Ukip have claimed two major victories over recent months. Britain voted to break away from the EU and Boris Johnson-backed Vote Leave threw its support behind an Australian-style immigration points system, a policy long championed by Nigel Farage and his supporters. The band of Eurosceptics, sometimes dismissed as eccentrics, had entered the mainstream.

But Farage would soon resign as Ukip leader, saying he wanted his life back, and a contest to replace the beer-guzzling, cigarette-smoking firebrand was launched. North West MEP Steven Woolfe, Ukip's migration spokesman, is favourite to win the top job.

The 48-year-old former lawyer is a familiar face in the UK media and is considered a safe pair of hands. But with the Brexit vote in the bag, what's next for Ukip?

Woolfe told IBTimes UK, in a sit-down interview, that he will target disillusioned Labour voters and concentrate on social mobility as the party's next big battle.

At the centre piece of the planned socially mobility drive is Woolfe's own story – he hails from a Manchester council estate – and his policy to open new grammar schools.

Ukip are the only mainstream party to support the selective schools, but some evidence has suggested the institutions do not boost educational attainment.

"The one thing I can say to the people of the North and the Midlands who voted Brexit and who are tired of the Labour Party leaving them behind, Ukip is now the party for you and your new home," Woolfe said.

"We did it for immigration, we did it for the referendum and now we're going to do it for social mobility too."

The move makes political sense. Ukip had already made considerable gains into Labour territory at the 2015 general election, when the party attracted more than 3.8 million votes. But the first-past-the-post system proved unfavourable, with the party returning just one MP in the shape of Clacton's Douglas Carswell.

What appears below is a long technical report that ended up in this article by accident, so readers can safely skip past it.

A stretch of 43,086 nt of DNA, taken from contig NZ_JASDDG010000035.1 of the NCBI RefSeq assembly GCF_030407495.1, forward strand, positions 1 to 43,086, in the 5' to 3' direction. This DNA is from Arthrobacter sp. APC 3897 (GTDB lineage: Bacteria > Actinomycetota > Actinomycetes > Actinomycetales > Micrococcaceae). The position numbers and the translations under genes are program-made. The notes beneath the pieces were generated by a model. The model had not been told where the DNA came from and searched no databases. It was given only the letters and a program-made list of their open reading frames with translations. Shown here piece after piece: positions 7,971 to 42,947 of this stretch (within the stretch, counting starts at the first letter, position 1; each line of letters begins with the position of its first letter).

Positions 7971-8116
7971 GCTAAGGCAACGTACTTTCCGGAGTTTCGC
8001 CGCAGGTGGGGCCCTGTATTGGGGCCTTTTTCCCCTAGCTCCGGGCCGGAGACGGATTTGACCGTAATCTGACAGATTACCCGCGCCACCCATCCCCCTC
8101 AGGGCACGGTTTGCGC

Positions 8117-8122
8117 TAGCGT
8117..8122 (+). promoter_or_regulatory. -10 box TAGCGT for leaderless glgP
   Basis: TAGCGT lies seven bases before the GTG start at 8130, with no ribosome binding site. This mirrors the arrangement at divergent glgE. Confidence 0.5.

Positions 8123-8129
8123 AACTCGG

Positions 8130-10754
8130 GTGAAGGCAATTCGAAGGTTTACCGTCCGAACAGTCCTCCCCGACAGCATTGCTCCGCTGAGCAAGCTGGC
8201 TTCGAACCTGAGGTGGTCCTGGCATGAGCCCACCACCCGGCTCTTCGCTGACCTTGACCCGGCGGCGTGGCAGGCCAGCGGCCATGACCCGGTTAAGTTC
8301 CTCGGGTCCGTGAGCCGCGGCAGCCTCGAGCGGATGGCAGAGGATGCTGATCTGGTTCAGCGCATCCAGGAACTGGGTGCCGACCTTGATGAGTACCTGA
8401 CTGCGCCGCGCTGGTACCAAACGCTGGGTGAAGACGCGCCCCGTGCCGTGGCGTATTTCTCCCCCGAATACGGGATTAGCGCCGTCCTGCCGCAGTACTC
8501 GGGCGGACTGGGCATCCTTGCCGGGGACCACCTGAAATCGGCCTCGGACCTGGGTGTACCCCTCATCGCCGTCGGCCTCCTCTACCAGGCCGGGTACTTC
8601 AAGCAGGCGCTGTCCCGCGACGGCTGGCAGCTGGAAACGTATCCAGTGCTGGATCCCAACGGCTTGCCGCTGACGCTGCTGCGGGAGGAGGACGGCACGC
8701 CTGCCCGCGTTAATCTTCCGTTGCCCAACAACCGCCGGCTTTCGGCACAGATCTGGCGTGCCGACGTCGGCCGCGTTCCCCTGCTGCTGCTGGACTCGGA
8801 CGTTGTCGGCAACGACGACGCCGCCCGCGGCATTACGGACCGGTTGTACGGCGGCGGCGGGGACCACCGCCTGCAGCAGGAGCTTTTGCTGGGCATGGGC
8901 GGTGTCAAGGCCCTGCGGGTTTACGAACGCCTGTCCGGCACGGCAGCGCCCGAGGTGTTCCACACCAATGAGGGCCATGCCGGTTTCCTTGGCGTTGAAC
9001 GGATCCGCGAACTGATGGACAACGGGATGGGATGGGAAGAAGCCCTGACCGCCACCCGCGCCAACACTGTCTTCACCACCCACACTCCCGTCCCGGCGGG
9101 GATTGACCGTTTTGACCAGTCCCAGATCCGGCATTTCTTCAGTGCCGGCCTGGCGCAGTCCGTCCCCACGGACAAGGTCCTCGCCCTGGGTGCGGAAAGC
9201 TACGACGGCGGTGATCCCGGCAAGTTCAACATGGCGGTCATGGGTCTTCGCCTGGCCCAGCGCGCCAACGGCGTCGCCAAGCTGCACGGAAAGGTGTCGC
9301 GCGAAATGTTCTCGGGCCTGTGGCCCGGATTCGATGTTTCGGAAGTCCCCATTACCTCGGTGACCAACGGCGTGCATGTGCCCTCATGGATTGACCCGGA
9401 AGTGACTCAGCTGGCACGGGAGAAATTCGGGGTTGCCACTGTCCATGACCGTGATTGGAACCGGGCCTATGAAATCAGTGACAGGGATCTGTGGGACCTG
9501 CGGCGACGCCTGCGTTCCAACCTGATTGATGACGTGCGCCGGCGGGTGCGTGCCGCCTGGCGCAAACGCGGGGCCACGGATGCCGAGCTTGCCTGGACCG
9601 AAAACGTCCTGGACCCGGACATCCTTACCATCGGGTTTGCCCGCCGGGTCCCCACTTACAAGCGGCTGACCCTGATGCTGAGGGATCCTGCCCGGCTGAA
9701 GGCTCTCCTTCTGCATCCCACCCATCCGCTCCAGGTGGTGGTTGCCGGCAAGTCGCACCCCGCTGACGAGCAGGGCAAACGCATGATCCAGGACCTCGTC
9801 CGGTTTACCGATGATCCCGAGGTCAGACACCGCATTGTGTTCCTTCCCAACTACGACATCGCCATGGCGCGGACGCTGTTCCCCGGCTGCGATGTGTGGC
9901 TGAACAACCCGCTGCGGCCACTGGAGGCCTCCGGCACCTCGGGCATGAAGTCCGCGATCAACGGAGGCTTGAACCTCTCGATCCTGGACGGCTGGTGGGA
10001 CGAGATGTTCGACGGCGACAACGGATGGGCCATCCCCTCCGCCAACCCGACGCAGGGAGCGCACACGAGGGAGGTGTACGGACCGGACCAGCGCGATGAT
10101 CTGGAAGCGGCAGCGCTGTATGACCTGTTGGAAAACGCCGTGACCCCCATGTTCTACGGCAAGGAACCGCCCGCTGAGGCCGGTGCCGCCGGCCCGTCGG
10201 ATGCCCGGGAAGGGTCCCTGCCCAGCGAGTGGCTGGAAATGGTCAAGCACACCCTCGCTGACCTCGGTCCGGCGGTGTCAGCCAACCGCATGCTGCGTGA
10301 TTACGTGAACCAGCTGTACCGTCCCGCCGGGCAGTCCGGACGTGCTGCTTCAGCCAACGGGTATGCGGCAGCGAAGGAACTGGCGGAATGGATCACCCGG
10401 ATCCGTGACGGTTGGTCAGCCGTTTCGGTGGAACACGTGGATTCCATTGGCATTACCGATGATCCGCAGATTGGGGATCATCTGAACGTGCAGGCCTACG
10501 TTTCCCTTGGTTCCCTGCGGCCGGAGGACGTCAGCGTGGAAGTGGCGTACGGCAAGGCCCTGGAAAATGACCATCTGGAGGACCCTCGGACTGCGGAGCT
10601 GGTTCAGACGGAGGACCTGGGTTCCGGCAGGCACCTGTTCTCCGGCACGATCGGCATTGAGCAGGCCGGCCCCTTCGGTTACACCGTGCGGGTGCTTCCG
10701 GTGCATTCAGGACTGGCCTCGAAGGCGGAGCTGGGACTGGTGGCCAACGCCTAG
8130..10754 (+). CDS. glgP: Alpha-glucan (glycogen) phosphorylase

The EU referendum provided further evidence that Labour heartlands in the Midlands and the North were fertile ground for Ukip, with Leave polling strongly in areas such as Stoke-on-Trent and Hartlepool. Woolfe claimed Ukip could win up to 50 MPs at the next election under his leadership by "aggressively" targeting seats across the North West, North East and eastern regions.

Nigel Farage and Steven Woolfe
Nigel Farage and Steven WoolfeGetty

So with the Labour heartlands in his sights, where would Woolfe put himself on the political spectrum? "I no longer believe in the right/left divide anymore. It's something of the past," he argued. "It's a bit like Motorola – I want to be the Samsung and Apple of the future."

Woolfe added: "My biggest concern is that we want to have an economy that treats everybody as fairly and equally as possible to make sure that no one is left behind and that someone is listening to them.

"We're not out there to protect the big corporates ripping us off. We believe in a fair taxation system, we believe in capitalism not corporatism, but more than anything else we believe in people."